The World Island: Eurasian Geopolitics and the Fate of the West

The World Island: Eurasian Geopolitics and the Fate of the West

The World Island: Eurasian Geopolitics and the Fate of the West

The World Island: Eurasian Geopolitics and the Fate of the West

Synopsis

An inspiring story of how a Mormon kid with Tourette's found salvation in books and weight-lifting.Josh Hanagarne couldn't be invisible if he tried. Although he wouldn't officially be diagnosed with Tourette Syndrome until his freshman year of high school, Josh was six years old and onstage in a school Thanksgiving play when he first began exhibiting symptoms. By the time he was twenty, the young Mormon had reached his towering adult height of 6'7' when-while serving on a mission for the Church of Latter Day Saints-his Tourette's tics escalated to nightmarish levels.Determined to conquer his affliction, Josh underwent everything from quack remedies to lethargy-inducing drug regimes to Botox injections that paralyzed his vocal cords and left him voiceless for three years. Undeterred, Josh persevered to marry and earn a degree in Library Science. At last, an eccentric, autistic strongman-and former Air Force Tech Sergeant and guard at an Iraqi prison-taught Josh how to 'throttle' his tics into submission through strength-training.Today, Josh is a librarian in the main branch of Salt Lake City's public library and founder of a popular blog about books and weight lifting-and the proud father of four-year-old Max, who has already started to show his own symptoms of Tourette's.The World's Strongest Librarian illuminates the mysteries of this little-understood disorder, as well as the very different worlds of strongman training and modern libraries. With humor and candor, this unlikely hero traces his journey to overcome his disability- and navigate his wavering Mormon faith-to find love and create a life worth living.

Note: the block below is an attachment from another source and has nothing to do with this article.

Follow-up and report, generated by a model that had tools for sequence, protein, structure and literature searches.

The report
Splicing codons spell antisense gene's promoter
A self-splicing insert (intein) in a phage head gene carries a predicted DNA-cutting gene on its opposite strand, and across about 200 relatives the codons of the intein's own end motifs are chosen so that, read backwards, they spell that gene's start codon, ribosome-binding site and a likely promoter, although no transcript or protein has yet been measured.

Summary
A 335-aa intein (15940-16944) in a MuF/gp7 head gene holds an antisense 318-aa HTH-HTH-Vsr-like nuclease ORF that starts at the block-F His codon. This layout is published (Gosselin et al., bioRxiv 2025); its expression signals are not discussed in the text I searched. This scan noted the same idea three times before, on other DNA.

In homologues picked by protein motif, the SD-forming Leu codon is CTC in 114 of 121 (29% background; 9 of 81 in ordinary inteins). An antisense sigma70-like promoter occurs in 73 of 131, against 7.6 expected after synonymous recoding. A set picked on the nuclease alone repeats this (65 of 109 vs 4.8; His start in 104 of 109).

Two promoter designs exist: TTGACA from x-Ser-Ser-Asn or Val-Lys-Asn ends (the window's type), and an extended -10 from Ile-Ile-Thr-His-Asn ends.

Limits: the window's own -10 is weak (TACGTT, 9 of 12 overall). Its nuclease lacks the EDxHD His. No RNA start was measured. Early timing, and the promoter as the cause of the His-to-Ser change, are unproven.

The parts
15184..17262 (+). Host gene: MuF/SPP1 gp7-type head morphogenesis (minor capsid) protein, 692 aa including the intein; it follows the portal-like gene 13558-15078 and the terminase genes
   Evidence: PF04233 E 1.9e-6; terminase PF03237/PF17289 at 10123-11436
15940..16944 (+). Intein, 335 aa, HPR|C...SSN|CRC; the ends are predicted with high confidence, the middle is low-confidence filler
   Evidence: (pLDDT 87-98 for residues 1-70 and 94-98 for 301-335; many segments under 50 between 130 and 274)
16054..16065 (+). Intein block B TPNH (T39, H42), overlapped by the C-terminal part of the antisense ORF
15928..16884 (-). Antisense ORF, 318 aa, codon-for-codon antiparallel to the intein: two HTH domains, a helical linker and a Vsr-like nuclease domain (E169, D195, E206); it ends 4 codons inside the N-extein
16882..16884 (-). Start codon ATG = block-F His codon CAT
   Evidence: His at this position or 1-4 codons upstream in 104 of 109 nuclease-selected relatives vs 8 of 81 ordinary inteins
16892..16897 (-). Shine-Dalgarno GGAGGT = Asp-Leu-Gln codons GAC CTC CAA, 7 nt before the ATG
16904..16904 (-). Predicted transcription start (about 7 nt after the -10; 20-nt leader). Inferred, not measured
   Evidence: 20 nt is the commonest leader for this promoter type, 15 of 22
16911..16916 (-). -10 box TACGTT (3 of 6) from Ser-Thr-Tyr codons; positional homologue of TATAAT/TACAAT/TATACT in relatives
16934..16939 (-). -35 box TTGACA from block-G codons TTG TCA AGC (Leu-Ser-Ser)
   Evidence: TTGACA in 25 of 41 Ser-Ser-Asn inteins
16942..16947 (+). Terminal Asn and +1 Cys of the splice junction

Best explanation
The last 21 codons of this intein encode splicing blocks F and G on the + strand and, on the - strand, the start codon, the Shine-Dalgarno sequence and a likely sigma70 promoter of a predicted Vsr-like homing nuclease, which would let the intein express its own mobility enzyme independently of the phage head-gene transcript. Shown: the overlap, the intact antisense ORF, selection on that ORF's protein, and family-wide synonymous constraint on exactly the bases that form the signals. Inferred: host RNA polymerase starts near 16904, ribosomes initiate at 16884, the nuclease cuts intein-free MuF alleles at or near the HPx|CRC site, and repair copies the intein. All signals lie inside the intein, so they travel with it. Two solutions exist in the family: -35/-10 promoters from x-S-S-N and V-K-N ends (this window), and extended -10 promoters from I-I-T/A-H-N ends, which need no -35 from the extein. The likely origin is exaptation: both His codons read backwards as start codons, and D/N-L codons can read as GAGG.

Excerpt

The erstwhile position of the Western powers as the unmatched exemplars of progressive political organization, prosperity, and power projection is rapidly threatening to become an historical memory. While for a time the rise of the major Eastern powers had proceeded in parallel with continued betterment in the West, the dominant trend of global power politics since the end of the 1990s seems to point to a developing East-West divergence along zero-sum lines. The 1990s now looks to have represented an ahistorical geopolitical bubble, characterized by the default unipolarity of Western preponderance following Russia’s imperial implosion and occurring at a time before most onlookers had been struck by the full brilliance of the Asian ascendency. As the glare of that sun has loomed into proper view it has become clear that the light at its center—China—seeks to challenge the institutionalized setting of Western power as it exists beyond the borders of the Euro-Atlantic community. Added to this is the Russian recovery, which, although replete at every level with questions about its sustainability, is nonetheless a fact in the Eurasian space in the early twenty-first century. The watchword is authoritarianism, and while the Russian and Chinese stars may not be aligned in the long term, Moscow and Beijing do find themselves sharing a common short- to medium-term goal of banishing Western political and economic influence from the larger part of the Eurasian space and undermining it in its peninsular stronghold of Western Europe.

Of the two, Moscow is the more pugnacious in this enterprise, but Beijing’s effort carries with it the greater momentum. Russia’s reexpansion into the post-Soviet space is characterized by geostrategic prudence . . .

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